Constructivism: A Not So Constructive Way to Stop a Zombie Apocalypse

Midway through my World Politics course this semester, I decided to let the students take a bit of a mental break from all the heavy theories on war and conflict prevention and instead had the students think about how the different IR theories would suggest that state governments should respond to a zombie apocalypse.  They read Daniel W. Drezner’s Theories of International Politics and Zombies (I think a few might be following his blog now…), and we watched Shaun of the Dead so that everyone can gain some familiarity with the collective action dilemma a zombie attack creates.  

After our discussion, students were then invited to submit a paper critiquing one IR theory – basically, the one that they think is the least helpful in formulating policy when leaders are faced with a zombie apocalypse.  While students offered critiques of all the IR theories Drezner overviewed (Realism, Liberalism, Neo-Conservatism, and Constructivism), here is our winning paper – one  student’s critique of Constructivist policy recommendations.

I think she’s embraced her inner Realist in this post…


The basic gist of Constructivism is that it focuses on individuals. Now the term individual applies to states, groups, and then literal individual people, possibly zombies. Constructivists argue that identity and discourse matter; that you can have two individuals, but it is each individual’s unique identity that will affect how they react in situations. Generally, Constructivism employs the use of soft power more than hard power. So, in the result of a zombie apocalypse there would be two ‘individual’ groups of humans and zombies. Daniel Drezner’s Theories of International Politics and Zombies gives two options in dealing with this fairly catastrophic event. 1. “To destroy every copy of nearly every zombie film ever made.”

Apparently Hollywood has given people some kind of prejudice against zombies and how we are supposed to handle them. If civilization does not remember ever seeing panic as a response to the abrupt rising of the dead, then it won’t be as quick to disassemble. Similarly, if there are options open to dealing with zombies perhaps people won’t be so quick to behead the animated corpses of their neighbors. I think this fundamental, emphasis on the mental, approach wouldn’t really work. Because even if Normal Norm never saw or had preconceived notions of courtesies to extend towards zombies, I feel that having his long dead great aunt Myrtle trying to chomp on his ear would kind of freak him out to the point of dissembling into chaos and trying to stop his own death. It is just human nature and survival instinct to drop the needs of society and your attacker, and protect yourself how you see fit.

R and Julie movie poster.

2. “To socialize zombies into human culture.” 

Integrating zombies to the human life style or humans converting to the living dead. The easier of the two would probably the human to zombie jump instead of the other way around since humans would just have to get infected or slowly shuffle and moan our way into a new kind of being. Movies have showed the possibility of a zombie to human conversion. The movie Warm Bodies features a zombie named R who eventually regains his human nature and diet. The whole reversal process starts when R meets a girl and falls in love, it ends with the stirrings in his heart finally restarting its beats and upstarting his body functions again. True love conquers all (romantic sigh). It might too broad of a comparison, but look at communism. Theoretically it is the most equal form of government, but it was thwarted by human nature. On the flip side socializing zombies would be thwarted by zombie nature and their tendency to consume the innards of humans.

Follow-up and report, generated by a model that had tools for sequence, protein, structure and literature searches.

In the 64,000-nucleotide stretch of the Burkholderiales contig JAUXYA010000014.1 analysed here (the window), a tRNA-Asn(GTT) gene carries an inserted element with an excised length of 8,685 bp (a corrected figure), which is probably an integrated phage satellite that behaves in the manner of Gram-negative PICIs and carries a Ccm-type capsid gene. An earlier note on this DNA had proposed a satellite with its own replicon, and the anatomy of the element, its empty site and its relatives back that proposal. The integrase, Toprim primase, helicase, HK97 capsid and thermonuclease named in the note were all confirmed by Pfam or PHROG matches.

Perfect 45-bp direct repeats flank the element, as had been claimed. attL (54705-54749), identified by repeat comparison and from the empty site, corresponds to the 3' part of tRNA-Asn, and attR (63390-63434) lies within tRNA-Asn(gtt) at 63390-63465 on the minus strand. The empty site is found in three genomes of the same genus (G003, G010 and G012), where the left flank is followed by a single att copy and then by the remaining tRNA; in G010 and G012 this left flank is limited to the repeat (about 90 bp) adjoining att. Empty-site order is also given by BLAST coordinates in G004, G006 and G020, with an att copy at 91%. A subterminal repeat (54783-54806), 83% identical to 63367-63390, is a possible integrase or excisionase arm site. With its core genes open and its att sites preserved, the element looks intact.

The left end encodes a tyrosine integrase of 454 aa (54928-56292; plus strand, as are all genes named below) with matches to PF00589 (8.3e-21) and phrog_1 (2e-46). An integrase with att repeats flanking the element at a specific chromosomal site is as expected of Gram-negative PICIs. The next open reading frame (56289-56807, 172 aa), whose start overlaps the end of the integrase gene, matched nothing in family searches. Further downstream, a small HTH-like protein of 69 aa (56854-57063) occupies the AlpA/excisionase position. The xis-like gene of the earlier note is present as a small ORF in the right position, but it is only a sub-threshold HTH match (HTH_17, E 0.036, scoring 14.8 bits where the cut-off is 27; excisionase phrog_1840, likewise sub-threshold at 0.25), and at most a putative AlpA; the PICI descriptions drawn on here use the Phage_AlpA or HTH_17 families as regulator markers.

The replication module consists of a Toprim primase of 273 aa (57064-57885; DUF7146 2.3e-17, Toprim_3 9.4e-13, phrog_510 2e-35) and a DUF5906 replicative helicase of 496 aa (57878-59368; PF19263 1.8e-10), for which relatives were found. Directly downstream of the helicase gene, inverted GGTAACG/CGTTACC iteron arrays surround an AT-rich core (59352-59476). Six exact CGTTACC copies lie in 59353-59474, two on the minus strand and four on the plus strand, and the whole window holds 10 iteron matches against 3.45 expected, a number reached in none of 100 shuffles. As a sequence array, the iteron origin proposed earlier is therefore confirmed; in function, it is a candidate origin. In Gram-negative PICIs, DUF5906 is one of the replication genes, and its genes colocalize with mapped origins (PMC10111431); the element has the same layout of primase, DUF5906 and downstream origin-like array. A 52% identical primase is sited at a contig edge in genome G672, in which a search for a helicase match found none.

Shaun and Zombie Ed.

In every zombie movie I have ever seen, the humans try to pass as zombies at one point, and are also eventually revealed as the living creatures that they are. I suppose there are just things humans cannot mimic about the dead; just like humans would know what a zombie is, zombies inevitably know what a human is. Plus if anyone wants to convert to a zombie state, I think it may be a good precaution to monitor their lives because they are showing a predilection towards future cannibalism. So that leaves training zombies to show their humanity. Though Shaun from Shaun of the Dead does get to keep his best friend Ed, he has to keep Ed in a shed, in chains. Ed appears docile enough, but I’m sure at the smell of blood he might deteriorate in to his undead life style.

My doubt in Constructivism stems from realist cynicism or my natural pessimism. Constructivism just seems like too much of a risk, too much resting on the chance that without preconceived notions and adaptation zombies and humans can coexist. It does not make sense to get rid of any documentation that may help defeat zombies or to assimilate to a new environment instead of a mass wipeout. As a species we have killed thousands of humans without the pressure of an apocalypse, why not attack the common undead enemy. And defeating a zombie threat takes more than a mindset change and empathy. It would take a lot to overcome such an adversary, lots of organization, strategy, and machine and man power. No one would be safe until the zombies were taken care of. Quite frankly I’d feel a lot better about handling a zombie apocalypse if there was a solid plan that involved attack capabilities.

My personal solution to a zombie apocalypse (Oct. 23, 2013).
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